New Report: Helping Single Mothers Succeed in Postsecondary Education

An unprecedented number of single mothers are enrolled in postsecondary institutions today, but most will not graduate because of the challenges they face as financially independent students who are juggling work, school, and parenting. In fact, only 8 percent of single mothers who enroll in college earn an associate or bachelor’s degree within six years, according to a report released by the Institute for Women’s Policy Research (IWPR). The report identifies characteristics about the single mom student population which makes up approximately 11 percent of undergraduate students and articulates strategies for supporting them. 

Achieving the Dream (ATD) is collaborating with partners such as ECMC Foundation, which supports research projects from IWPR and NCTN and also ATD, and the Biden Foundation, to raise awareness and engage on this important issue. Identifying the programs and codifying best practices for single mothers who navigate the challenges of child care, motherhood and college is a critical step in this process.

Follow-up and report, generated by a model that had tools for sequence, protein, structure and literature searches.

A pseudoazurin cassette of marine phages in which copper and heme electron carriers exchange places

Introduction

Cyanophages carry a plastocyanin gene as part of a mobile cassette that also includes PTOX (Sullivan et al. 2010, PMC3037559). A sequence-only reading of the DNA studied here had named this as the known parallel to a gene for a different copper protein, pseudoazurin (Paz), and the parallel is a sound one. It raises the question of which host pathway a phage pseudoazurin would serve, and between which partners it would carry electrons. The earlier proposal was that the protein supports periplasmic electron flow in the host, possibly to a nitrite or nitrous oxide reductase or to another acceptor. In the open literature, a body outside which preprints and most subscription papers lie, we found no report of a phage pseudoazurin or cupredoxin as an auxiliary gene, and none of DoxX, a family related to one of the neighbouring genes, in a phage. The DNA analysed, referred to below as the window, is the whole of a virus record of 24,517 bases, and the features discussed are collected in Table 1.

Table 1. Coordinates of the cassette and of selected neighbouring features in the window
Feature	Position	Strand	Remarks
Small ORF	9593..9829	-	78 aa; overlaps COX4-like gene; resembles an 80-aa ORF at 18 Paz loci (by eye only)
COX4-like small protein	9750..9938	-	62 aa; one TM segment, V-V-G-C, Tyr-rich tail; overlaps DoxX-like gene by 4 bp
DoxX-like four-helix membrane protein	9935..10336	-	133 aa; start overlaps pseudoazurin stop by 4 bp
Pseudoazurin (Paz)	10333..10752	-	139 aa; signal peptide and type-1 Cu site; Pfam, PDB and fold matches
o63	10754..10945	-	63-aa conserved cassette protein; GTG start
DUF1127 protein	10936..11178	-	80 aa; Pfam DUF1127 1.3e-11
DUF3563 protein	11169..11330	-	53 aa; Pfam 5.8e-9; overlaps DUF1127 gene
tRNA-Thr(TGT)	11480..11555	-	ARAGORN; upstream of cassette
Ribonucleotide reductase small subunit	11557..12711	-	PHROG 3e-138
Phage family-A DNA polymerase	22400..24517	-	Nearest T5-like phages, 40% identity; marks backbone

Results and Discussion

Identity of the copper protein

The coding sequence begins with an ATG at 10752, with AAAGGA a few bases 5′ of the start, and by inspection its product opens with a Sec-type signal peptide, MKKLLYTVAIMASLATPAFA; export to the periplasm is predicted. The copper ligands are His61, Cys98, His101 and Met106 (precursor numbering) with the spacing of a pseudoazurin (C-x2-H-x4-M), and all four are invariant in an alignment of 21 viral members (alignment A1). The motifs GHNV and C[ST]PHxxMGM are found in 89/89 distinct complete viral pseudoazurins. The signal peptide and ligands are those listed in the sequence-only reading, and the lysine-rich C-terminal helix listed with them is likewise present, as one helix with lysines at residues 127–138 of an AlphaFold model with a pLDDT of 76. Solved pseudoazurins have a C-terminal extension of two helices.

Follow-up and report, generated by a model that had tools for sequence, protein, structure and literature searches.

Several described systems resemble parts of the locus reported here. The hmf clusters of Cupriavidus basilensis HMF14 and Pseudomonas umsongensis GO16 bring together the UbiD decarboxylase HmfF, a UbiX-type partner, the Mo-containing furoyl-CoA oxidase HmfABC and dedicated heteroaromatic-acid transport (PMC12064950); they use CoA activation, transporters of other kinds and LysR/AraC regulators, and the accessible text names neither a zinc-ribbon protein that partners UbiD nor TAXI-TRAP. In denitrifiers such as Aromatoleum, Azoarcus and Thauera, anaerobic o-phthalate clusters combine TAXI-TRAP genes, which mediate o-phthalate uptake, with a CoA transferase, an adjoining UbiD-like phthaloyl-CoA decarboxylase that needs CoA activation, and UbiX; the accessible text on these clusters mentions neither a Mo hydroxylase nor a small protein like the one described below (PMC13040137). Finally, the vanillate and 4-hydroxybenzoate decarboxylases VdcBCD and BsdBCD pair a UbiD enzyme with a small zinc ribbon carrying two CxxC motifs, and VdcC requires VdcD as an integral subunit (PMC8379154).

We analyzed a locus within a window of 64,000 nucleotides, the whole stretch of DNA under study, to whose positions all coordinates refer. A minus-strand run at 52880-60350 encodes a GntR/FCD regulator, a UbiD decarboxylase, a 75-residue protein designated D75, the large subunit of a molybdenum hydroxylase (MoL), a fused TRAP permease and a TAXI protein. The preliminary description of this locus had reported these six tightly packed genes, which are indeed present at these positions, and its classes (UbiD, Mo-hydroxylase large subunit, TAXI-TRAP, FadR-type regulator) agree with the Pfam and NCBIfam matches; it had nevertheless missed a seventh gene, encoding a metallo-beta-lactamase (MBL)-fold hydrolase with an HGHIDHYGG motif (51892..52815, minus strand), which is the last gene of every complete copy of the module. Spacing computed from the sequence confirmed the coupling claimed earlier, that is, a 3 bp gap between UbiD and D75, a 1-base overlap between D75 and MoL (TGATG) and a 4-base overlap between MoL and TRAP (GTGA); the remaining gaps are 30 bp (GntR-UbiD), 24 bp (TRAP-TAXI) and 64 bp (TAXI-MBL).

Does your institution have a program on your campus that supports single moms in their pursuit of career and technical education and career pathway success? The National College Transition Network (NCTN) at World Education is identifying and documenting the successful models and practices and create program profiles compiled in a report that will be shared with educators, policymakers and funders across the country.

If you know of a postsecondary institution or a CTE program that provides targeted services to support single mothers, contact Sandy Goodman, NCTN Director, sgoodman@worlded.org

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